The US-China trade war has steadily intensified since its beginning on July 6, 2018, with last month’s round of tariffs adding more fuel to the already bright fire. In response to China imposing retaliation tariffs on $34B USD worth of US goods, such as soybeans and electric vehicles, the US Trade Representative (USTR) announced a 10% tariff increase on the remaining $300B USD worth of Chinese imports, effective September 1, 2019. Though in accordance with section 301 of the 1974 Trade Act, this new increase has caused an uproar of concern.
Enforcement of this new tariff increase will be implemented in two waves. Products under List 4A saw an increase last month while the tariffs placed on List 4B items will be officially increased on December 15, 2019. It is estimated that approximately 96.8% of Chinese imports into the U.S. will be affected by these section 301 tariffs after all of list 4 is executed.
List 4 items are not the only goods affected by this ongoing trade war. $250B USD worth of Chinese-made products on lists 1, 2 and 3 were already liable to a 25% US-imposed tariff when President Trump called for the additional 5% increase.
President Trump announced a change to the increase via Twitter, saying “....on October 1st, we have agreed, as a gesture of good will [sic], to move the increased Tariffs on 250 Billion Dollars worth of goods (25% to 30%), from October 1st to October 15th.”
The USTR is ready and intends to increase the tariff to 30% on October 15, 2019, following a notice and comment period.
Although the USTR has organized an exclusion request process for List 4 items, and some items related to 'health, safety, and national security' are exempt from the latest round of tariffs, more products will have higher, non-negotiable tariffs placed on them. Such products include, but are not limited to:
- Cell phones
- Video games
- Certain toys
- Certain apparel
- Solid-state drives
The electronic and tech industries are already feeling the effects of previous tariffs and are expecting to see changes in revenues with the enactment of the latest round. The US-China trade war has already cost many companies in the electronics industry an upward of $10B USD since July 2018.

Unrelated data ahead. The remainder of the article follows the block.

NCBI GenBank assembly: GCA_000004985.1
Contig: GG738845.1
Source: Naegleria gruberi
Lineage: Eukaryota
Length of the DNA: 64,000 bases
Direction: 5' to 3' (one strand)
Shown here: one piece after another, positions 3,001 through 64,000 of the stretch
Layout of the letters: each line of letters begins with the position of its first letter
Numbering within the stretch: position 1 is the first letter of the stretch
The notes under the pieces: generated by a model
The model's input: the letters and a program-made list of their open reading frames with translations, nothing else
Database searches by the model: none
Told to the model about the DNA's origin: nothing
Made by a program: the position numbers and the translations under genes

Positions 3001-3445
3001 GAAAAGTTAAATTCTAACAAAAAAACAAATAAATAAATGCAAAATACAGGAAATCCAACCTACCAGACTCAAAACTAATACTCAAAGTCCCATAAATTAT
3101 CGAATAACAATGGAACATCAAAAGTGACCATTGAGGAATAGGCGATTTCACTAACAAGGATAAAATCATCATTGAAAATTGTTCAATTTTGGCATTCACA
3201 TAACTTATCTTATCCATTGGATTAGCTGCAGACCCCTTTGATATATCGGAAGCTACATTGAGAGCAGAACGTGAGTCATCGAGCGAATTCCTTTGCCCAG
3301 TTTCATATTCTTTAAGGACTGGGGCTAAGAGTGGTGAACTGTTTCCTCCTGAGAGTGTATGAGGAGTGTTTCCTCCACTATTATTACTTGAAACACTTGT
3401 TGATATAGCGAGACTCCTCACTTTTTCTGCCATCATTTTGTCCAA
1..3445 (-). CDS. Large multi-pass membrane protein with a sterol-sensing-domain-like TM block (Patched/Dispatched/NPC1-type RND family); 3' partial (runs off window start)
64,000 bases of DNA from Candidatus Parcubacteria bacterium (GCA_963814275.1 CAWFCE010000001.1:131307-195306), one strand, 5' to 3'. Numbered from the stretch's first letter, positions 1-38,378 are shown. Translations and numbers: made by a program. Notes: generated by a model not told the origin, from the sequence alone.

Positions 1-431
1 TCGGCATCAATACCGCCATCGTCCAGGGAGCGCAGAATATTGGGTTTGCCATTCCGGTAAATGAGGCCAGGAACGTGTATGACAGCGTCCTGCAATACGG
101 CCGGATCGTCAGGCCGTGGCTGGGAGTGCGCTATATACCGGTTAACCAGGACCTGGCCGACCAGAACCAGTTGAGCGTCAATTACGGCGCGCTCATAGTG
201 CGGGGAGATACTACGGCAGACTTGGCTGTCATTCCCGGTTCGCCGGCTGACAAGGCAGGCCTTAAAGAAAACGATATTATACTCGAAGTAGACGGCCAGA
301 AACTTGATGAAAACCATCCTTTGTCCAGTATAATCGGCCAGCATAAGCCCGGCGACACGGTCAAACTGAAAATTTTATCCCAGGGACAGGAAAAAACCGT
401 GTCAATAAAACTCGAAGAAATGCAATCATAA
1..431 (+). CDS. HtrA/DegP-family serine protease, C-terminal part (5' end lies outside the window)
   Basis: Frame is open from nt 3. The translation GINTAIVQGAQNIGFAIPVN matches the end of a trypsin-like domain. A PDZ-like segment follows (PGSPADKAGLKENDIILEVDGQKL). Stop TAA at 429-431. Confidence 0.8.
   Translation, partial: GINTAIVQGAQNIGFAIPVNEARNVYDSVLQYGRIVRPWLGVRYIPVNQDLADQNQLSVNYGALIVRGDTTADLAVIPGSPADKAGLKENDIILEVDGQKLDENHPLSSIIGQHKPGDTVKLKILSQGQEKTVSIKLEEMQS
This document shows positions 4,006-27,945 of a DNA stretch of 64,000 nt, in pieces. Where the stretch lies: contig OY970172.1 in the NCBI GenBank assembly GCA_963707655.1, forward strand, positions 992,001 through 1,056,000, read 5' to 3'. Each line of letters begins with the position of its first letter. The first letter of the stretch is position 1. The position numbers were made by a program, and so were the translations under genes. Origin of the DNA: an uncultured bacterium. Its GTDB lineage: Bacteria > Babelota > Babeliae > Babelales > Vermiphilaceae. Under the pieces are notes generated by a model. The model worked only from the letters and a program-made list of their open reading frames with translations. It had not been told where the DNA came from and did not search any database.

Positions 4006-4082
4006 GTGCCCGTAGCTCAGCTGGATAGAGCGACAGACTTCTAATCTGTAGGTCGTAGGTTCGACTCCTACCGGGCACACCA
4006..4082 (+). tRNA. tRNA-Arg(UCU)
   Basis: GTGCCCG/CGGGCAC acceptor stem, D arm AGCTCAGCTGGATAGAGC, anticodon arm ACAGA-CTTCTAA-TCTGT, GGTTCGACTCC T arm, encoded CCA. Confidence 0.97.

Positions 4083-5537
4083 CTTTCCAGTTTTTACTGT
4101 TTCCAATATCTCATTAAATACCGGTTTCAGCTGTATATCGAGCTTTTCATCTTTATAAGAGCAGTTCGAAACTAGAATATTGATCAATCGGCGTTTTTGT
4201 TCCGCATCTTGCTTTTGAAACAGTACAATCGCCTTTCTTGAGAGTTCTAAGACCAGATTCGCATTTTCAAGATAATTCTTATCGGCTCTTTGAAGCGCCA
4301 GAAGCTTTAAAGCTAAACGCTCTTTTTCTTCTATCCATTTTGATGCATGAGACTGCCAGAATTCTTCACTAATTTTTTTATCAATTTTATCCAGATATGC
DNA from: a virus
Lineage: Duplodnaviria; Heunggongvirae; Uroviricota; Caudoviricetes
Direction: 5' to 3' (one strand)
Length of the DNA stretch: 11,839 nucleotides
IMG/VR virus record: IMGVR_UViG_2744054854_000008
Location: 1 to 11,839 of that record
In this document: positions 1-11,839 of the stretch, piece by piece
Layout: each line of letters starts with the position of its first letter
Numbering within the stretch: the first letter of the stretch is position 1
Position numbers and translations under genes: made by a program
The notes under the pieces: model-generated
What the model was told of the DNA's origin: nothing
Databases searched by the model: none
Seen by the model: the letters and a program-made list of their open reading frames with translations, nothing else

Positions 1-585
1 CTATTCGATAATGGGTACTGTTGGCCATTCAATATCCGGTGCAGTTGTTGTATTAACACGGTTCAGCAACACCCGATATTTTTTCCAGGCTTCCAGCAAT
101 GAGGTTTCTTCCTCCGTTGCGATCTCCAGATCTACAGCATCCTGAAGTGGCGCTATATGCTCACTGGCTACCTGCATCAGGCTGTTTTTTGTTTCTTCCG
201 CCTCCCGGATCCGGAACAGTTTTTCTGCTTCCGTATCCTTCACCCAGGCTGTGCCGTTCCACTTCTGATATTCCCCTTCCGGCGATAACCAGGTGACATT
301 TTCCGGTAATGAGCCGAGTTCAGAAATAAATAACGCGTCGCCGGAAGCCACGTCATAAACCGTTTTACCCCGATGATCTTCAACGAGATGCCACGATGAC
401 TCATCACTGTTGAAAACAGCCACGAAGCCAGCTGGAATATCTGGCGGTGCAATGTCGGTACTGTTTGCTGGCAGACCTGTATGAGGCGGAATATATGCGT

According to CNN, “Most of the imports hit by the new 25% tariff rate are industrial or intermediate goods that are used as component parts in products manufactured in the United States.”
Even the biggest tech companies cannot avoid these tariffs. Analysts expect Apple will absorb upwards of $500M USD to cover the increased tariff cost on its popular products, like AirPods and iPhones. Furthermore, Micron Technology reportedly slipped 10% on its fourth-quarter sales this year, totaling $4.87B USD.
It remains unclear when the US-China trade war will end or what will happen next. In response, the Chinese government has already started restricting its trade surplus with the U.S. but is reportedly “reluctant to give up development strategies it sees as a path to prosperity and global influence.” The U.S. government will continue with its current strategy and, though it is not yet known how much the average American consumer will feel the effects of the tariffs, it is assumed that a portion is likely to result in higher retail prices.
The electronics supply chain has undoubtedly been affected by this US-China trade war. Some companies have, as a long-term, protective measure, started to move their operations out of China and into other countries. For example, SMTC Corporation recently announced that they will be leaving the Chinese market this December after being in it for over a decade. Many more electronics companies have also needed to raise their prices to account for the associated tariff costs.
As a distribution partner to many in the electronics industry, Sensible Micro will continue following the trajectory of this trade war and will do our best to mitigate any resulting issues for our customers.
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